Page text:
Call Sheet: How ‘Grudge Match’ Director Got Stallone and De Niro to Say ‘Yes’

Kara Warner
Yahoo Movies

See Sylvester Stallone, Robert De Niro and more talk "Grudge Match" with Yahoo Movies:

Making a movie ain't easy. And the level of difficulty is only amplified when you have two Oscar-winning cinema legends circling your project.

This was the case with director Peter Segal as he laced up for his boxing comedy "Grudge Match" (in theaters now). Segal eventually convinced Sylvester Stallone and Robert De Niro to join him in the ring (they discuss the project in the video above), but it wasn't always easy.

In our new feature Call Sheet — wherein we chat with talented men and women behind the camera about what it takes to get movie stars aligned on a film — Segal, a proven comedy maestro ("Tommy Boy," "Anger Management," "50 First Dates"), lets us in on his secret powers of persuasion.

[Related: ‘Grudge Match’ Surprise: Ireland Baldwin’s Acting Debut]

How did you get Mr. Sylvester Stallone to come on board?

Peter Segal: My first meeting was to try and convince him to do the movie, he was a little dubious at first because he had not done a lot of comedy and his last comedy was many many years ago. Bob [De Niro] was a little more used to tipping his hat to some of his earlier work with "Analyze This" winking at "The Godfather," and Sly had not done that yet so I met him at his office and the courtship began.

What do you think tipped the scales in your favor?

P.S.: I had met with him about four or five times and then worked on the script and really tried to cater it to this character we were developing but then at the last minute when he was still hesitating Bob De Niro, made a call to him. I asked Bob if he wouldn't mind calling and talking to him from an actor's standpoint, actor to actor, how he felt it was so beneficial in his career to finally do a comedy and how it opened him up to a whole new kind of career with "Meet the Parents" and many other films. He agreed and called Sly and I think that's what put it over the top.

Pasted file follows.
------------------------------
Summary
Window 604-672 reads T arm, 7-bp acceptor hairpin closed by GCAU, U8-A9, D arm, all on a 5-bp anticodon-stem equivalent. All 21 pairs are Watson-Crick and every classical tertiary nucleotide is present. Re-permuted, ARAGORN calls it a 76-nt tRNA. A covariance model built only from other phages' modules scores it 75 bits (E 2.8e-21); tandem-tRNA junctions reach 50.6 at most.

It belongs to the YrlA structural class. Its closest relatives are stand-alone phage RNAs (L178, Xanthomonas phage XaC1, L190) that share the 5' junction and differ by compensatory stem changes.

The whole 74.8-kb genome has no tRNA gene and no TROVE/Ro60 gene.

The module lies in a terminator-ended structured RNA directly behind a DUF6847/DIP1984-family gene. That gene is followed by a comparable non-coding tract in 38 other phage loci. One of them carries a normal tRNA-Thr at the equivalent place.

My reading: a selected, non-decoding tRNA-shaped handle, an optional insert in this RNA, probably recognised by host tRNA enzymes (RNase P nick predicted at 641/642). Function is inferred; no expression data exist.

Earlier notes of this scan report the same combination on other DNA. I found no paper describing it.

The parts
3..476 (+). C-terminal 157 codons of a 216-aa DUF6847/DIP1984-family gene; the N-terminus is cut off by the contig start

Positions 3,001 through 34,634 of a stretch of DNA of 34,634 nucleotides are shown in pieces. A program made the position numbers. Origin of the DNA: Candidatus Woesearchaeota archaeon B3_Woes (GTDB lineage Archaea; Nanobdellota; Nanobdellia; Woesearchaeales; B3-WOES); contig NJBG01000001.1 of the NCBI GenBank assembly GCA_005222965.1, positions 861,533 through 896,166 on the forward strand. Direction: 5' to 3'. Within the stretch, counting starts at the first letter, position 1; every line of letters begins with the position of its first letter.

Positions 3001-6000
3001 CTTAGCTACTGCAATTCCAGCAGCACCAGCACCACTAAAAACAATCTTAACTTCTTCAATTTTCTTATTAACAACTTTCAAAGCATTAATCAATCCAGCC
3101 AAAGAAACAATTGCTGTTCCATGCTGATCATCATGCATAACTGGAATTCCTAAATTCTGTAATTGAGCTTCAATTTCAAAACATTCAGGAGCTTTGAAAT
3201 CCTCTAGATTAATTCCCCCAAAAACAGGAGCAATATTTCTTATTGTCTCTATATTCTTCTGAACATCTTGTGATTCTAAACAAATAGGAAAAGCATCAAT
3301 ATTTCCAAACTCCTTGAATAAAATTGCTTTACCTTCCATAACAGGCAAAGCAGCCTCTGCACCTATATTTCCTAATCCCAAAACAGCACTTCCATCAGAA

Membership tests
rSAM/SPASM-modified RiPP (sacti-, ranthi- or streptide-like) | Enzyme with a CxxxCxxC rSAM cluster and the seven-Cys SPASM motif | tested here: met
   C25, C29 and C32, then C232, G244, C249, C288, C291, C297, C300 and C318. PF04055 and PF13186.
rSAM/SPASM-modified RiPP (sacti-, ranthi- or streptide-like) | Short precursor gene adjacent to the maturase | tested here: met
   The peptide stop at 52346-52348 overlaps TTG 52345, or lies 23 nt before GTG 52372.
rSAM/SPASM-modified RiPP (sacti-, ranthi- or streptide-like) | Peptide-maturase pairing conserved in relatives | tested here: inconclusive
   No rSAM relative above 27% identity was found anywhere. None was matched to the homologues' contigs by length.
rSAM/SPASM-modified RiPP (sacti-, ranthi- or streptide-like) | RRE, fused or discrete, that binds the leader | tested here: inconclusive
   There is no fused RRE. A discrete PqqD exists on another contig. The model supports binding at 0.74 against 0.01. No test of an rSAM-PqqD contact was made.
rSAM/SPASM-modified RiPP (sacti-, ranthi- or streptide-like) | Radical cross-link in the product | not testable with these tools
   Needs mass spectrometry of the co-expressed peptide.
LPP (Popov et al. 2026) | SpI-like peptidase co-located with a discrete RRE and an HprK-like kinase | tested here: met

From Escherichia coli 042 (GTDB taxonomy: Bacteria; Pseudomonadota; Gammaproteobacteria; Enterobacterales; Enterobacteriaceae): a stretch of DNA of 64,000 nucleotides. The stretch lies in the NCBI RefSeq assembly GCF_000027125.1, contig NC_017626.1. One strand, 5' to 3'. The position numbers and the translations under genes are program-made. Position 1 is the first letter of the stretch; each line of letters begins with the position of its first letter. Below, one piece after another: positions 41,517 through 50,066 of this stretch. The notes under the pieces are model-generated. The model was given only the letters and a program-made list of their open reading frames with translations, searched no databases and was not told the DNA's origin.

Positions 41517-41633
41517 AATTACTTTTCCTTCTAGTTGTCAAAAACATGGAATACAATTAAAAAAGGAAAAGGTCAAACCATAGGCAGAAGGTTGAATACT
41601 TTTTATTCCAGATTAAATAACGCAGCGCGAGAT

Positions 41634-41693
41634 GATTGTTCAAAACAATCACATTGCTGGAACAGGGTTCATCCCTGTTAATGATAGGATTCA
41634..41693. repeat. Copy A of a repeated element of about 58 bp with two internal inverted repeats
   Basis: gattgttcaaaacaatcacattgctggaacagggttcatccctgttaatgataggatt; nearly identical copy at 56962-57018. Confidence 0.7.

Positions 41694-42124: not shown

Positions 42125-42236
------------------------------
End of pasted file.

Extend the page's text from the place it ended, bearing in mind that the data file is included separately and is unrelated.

And what was your first meeting with Robert DeNiro like? How did he come aboard?

P.S.:Well what happened then, during this courtship period which had gone on for several months, even though Bob had initially agreed to do the movie, there were a lot of other movie roles lining up threatening to take our spot so I flew to New York to meet with him and had to convince him to stay and not to leave because we were so close to making the movie. The studio was not interested in making the movie without those two guys, like me, they felt that it was perfect casting and the only casting, so it was a precarious moment.

So what do you think convinced him? Your sales pitch? Passion for the project?

P.S.: I think it was that. I would not describe myself as a very good salesman, there are people who are much better bull-sh------ than me, I wear my heart on my sleeve and will very often accept rejection and just walk away but this time, I was not going to accept it. Even though Sly had basically rejected me a few times once we got him in I was not going to allow Bob to go off and take another movie, so I literally had lassos at both ends trying to tie these guys down because I believed in the project so much.

When did you have a moment of celebration, like "Hooray we're going to do this!"